Would you like to learn more? Andersen Library can help! Search Library databases to find books such as How many is too many?: The progressive argument for reducing immigration into the United States (3rd-floor Main Collection, JV6465 .C34 2015), Immigrant, Inc.: Why immigrant entrepreneurs are driving the new economy (and how they will save the American worker) (online), and Immigrant and minority entrepreneurship: The continuous rebirth of American communities (available to UWW students and staff from anther UW campus library via free UW Request–items arrive in 2-5 weekdays), or government information such as Immigration and its contribution to our economic strength: Hearing before the Joint Economic Committee, Congress of the United States, One Hundred Thirteenth Congress, first session (online). Or search article databases for titles including “Economic costs, economic benefits, and attitudes toward immigrants and immigration” (Analyses of social issues & public policy, 2012, vol.12:no.1, pp.133-137 doi:10.1111/j.1530-2415.2011.01269.x).

Ask a librarian (visit the Reference Desk, call 262.472.1032, or choose to email or chat) for assistance with finding additional materials.

Andersen Library is a federal and Wisconsin depository library with federal and state government documents on a variety of current and relevant issues available to you in various formats (print, DVD/CD-ROM, online). Check out your government at Andersen Library!

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New Stuff Tuesday – March 29, 2016

Phishing for Phools Book Cover

Phishing for Phools
The Economics of Manipulation and Deception
by George A. Akerlof and Robert J. Shiller
HB74.P8 A49443 2015
New Arrivals, 2nd floor

While the benefits of a free market are widely touted in the United States, Nobel Prize winners George A. Akerlof and Robert J. Shiller argue that such markets have a seedier side. Individuals and businesses aim to make the highest profit possible, and they may do whatever it takes to achieve that, including exploitation and deception. This book explores the intersection of psychology and economics, using case studies to show how markets can be manipulated. The case studies discuss advertising, politics, big pharma, and more. If economic theory tickles your fancy, I highly recommend this read.

Here’s a short video about the book from one of the authors:

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Friday Fun: National Jukebox

Have some fun this weekend with this “oldie” online resource, in existence since 2011:

The National Jukebox is a project of the Library of Congress that streams historical commercial sound recordings. It includes “more than 10,000 78rpm disc sides issued by the Victor Talking Machine Company between 1900 and 1925,” plus more content is added periodically. It has a “Day by Day” feature, and it’s searchable or browsable by performer, song, composer, genre, etc. Or take advantage of the featured content on the Jukebox’s home page.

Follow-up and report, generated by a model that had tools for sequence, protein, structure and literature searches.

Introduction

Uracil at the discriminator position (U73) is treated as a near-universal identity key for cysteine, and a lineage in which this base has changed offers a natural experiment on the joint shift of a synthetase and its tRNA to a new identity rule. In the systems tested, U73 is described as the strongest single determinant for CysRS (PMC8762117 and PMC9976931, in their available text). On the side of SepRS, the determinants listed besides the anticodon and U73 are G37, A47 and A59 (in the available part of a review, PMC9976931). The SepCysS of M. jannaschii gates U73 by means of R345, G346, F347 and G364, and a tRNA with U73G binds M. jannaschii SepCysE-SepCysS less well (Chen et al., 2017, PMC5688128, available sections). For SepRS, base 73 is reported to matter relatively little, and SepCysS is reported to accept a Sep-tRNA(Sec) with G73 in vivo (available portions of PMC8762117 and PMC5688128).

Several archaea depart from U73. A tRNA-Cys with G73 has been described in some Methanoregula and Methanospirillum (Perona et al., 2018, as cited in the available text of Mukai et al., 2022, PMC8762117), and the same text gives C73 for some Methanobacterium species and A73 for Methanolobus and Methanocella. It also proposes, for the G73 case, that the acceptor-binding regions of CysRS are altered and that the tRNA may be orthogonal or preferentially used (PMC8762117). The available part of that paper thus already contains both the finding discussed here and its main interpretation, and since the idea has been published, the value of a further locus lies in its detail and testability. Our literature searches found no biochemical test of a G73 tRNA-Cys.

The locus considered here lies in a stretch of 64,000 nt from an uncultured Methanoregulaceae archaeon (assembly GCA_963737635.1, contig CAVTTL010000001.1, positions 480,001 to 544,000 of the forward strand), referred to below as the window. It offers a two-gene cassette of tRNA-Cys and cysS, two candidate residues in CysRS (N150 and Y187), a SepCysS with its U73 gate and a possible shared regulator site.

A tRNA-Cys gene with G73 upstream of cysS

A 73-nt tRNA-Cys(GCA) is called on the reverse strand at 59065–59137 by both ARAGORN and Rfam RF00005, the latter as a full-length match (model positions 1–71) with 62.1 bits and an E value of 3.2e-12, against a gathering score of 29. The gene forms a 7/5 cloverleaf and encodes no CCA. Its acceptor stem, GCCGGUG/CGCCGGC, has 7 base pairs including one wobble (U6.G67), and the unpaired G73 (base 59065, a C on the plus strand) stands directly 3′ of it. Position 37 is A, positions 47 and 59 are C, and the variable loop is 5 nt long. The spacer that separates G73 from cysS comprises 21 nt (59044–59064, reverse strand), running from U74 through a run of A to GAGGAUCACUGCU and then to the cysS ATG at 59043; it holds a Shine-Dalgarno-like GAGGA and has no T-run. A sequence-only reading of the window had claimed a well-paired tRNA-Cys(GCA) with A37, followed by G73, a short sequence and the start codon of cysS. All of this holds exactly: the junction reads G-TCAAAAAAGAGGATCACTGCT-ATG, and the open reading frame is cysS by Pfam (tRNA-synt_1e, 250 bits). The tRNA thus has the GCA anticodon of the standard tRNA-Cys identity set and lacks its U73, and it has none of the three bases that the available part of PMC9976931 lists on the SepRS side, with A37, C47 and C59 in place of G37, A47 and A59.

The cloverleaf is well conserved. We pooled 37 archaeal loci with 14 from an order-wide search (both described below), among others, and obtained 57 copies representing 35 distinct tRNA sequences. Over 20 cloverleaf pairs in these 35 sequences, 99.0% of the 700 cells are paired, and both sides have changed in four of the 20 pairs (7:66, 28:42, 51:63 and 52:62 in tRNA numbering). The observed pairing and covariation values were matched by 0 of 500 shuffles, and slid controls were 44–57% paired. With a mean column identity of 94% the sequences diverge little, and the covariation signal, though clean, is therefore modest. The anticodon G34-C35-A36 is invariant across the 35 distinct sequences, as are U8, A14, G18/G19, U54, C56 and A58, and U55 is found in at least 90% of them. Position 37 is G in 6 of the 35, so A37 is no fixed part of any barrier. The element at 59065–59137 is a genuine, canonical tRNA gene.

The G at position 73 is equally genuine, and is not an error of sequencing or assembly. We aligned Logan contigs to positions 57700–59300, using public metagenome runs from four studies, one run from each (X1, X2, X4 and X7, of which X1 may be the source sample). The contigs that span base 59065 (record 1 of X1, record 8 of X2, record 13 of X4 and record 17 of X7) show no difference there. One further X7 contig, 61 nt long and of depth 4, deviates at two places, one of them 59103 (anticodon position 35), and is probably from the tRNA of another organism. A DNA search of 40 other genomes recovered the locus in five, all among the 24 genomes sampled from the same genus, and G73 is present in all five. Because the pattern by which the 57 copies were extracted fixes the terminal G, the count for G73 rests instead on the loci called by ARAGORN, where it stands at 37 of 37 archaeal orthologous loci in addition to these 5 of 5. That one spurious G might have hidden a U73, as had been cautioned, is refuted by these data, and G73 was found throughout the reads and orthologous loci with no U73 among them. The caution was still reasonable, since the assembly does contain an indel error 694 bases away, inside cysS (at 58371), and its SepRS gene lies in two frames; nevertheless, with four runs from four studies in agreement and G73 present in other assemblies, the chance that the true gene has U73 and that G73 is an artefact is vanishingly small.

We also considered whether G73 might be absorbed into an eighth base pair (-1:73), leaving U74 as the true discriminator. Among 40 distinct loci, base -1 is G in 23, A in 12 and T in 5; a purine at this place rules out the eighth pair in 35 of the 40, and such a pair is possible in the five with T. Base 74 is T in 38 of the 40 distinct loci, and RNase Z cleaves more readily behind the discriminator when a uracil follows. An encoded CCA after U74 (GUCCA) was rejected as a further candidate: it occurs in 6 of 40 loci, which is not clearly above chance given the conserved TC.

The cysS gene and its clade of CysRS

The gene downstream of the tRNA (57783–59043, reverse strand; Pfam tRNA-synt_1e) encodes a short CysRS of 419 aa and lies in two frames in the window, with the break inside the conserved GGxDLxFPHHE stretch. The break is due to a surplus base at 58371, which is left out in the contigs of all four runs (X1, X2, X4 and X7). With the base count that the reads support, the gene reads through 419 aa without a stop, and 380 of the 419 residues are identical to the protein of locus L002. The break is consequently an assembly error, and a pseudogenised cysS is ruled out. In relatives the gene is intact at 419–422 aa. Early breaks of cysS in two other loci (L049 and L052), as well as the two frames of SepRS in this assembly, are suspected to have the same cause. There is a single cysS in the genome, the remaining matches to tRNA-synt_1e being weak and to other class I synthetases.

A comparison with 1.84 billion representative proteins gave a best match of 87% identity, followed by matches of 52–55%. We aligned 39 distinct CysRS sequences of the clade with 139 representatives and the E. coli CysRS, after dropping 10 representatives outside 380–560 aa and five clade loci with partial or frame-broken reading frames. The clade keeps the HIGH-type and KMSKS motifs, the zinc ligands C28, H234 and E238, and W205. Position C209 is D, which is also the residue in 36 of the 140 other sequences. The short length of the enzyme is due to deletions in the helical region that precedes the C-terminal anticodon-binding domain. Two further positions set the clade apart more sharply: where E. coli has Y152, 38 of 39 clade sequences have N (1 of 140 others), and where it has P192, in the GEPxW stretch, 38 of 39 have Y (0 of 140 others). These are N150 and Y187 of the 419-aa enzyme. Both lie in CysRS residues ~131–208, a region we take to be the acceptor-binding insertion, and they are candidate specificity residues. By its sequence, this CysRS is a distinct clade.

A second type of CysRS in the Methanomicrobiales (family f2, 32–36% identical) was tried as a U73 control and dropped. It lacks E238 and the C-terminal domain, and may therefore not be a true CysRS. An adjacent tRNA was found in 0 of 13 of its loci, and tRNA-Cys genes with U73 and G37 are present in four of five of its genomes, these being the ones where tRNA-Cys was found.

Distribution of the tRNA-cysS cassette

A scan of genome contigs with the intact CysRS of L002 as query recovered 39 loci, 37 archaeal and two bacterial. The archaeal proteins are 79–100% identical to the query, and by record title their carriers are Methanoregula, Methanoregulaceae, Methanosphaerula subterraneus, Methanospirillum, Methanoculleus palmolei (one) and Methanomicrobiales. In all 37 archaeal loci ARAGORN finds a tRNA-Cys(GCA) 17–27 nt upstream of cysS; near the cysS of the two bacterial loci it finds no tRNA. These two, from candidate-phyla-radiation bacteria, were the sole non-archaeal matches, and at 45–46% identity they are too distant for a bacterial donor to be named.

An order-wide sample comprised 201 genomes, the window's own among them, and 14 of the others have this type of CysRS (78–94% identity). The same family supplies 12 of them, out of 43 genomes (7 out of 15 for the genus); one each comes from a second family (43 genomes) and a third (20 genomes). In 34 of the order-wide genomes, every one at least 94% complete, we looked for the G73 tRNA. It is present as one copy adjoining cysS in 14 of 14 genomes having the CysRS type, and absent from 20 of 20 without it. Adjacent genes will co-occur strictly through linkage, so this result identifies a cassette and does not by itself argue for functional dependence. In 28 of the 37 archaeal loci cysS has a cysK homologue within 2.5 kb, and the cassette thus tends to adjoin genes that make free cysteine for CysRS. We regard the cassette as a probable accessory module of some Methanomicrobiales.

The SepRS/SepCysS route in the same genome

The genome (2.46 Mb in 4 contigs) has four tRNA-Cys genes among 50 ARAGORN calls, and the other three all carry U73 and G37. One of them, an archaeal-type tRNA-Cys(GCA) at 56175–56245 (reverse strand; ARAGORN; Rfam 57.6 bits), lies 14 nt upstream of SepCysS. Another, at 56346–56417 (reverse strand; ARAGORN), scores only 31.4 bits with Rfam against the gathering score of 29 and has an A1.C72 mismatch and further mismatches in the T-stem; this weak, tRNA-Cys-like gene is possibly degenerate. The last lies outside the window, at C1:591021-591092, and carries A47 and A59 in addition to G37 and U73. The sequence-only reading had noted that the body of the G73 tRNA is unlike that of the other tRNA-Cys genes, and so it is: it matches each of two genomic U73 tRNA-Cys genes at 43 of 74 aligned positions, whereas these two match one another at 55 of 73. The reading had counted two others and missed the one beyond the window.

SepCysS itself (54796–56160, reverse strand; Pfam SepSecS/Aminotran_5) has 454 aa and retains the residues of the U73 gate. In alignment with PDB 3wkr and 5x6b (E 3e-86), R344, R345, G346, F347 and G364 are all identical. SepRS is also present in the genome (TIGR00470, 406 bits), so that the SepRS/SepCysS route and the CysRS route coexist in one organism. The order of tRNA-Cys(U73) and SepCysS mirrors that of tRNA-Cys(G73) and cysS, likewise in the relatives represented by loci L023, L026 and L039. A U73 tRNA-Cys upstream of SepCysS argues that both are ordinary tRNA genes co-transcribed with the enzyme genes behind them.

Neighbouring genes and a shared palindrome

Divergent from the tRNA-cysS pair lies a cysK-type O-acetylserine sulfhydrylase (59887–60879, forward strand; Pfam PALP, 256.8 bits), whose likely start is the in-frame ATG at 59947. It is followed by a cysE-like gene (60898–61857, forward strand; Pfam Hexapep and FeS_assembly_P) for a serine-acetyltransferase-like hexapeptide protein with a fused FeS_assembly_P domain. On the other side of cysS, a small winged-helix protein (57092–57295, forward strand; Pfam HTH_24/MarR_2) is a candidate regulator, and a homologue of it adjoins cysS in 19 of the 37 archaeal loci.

Last November I toured the Sanfilippo Estate’s “Place de la Musique” and enjoyed looking at many, many music machines–a variety of American and European orchestrions, music boxes playing metal disks, fairground organs, and vintage phonographs (Victrolas, Edison players, and more)–which I was reminded of because the Jukebox includes images of some of the discs. Read about “Recording technology history” from the Audio Engineering Society’s web site.

We listened to an original recording of Caruso played on one of the phonographs at the Estate, so I looked up Caruso in the National Jukebox. Fantastic! Listen, for example, to him singing Vesti la giubba from Pagliacci in 1904.

Enjoy!

screen shot from National Jukebox

Andersen Library is a federal and Wisconsin depository library with federal and state government documents on a variety of current and relevant issues available to you in various formats (print, DVD/CD-ROM, online). Check out your government at Andersen Library!

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New Stuff Tuesday – March 22, 2016

Yoga Anamtomy

Yoga Anatomy
by Leslie Kaminoff & Amy Matthews
RA781.7 .K356 2012
New Arrivals, 2nd floor

Spring break is the time to give the brain a different kind of cerebral workout than, perhaps, the regular semester grind offers. The New Arrivals shelves offers a number of items that might help make the transition. While not a “how-to” book, Yoga Anatomy is a reference guide which provides illustrations of the muscles and movements employed during yoga practice. Browse the New Arrivals shelves and next to it you’ll find the classic Light on Yoga – not for the beginning yoga attempt or faint of heart. If the idea of yoga intrigues, but these selections are beyond your current experience, try the Research@UWW virtual browse option. Scrolling to the left and right will allow you to view other items with similar call numbers, and which may be located in the Main, Oversize, or Browsing Collections.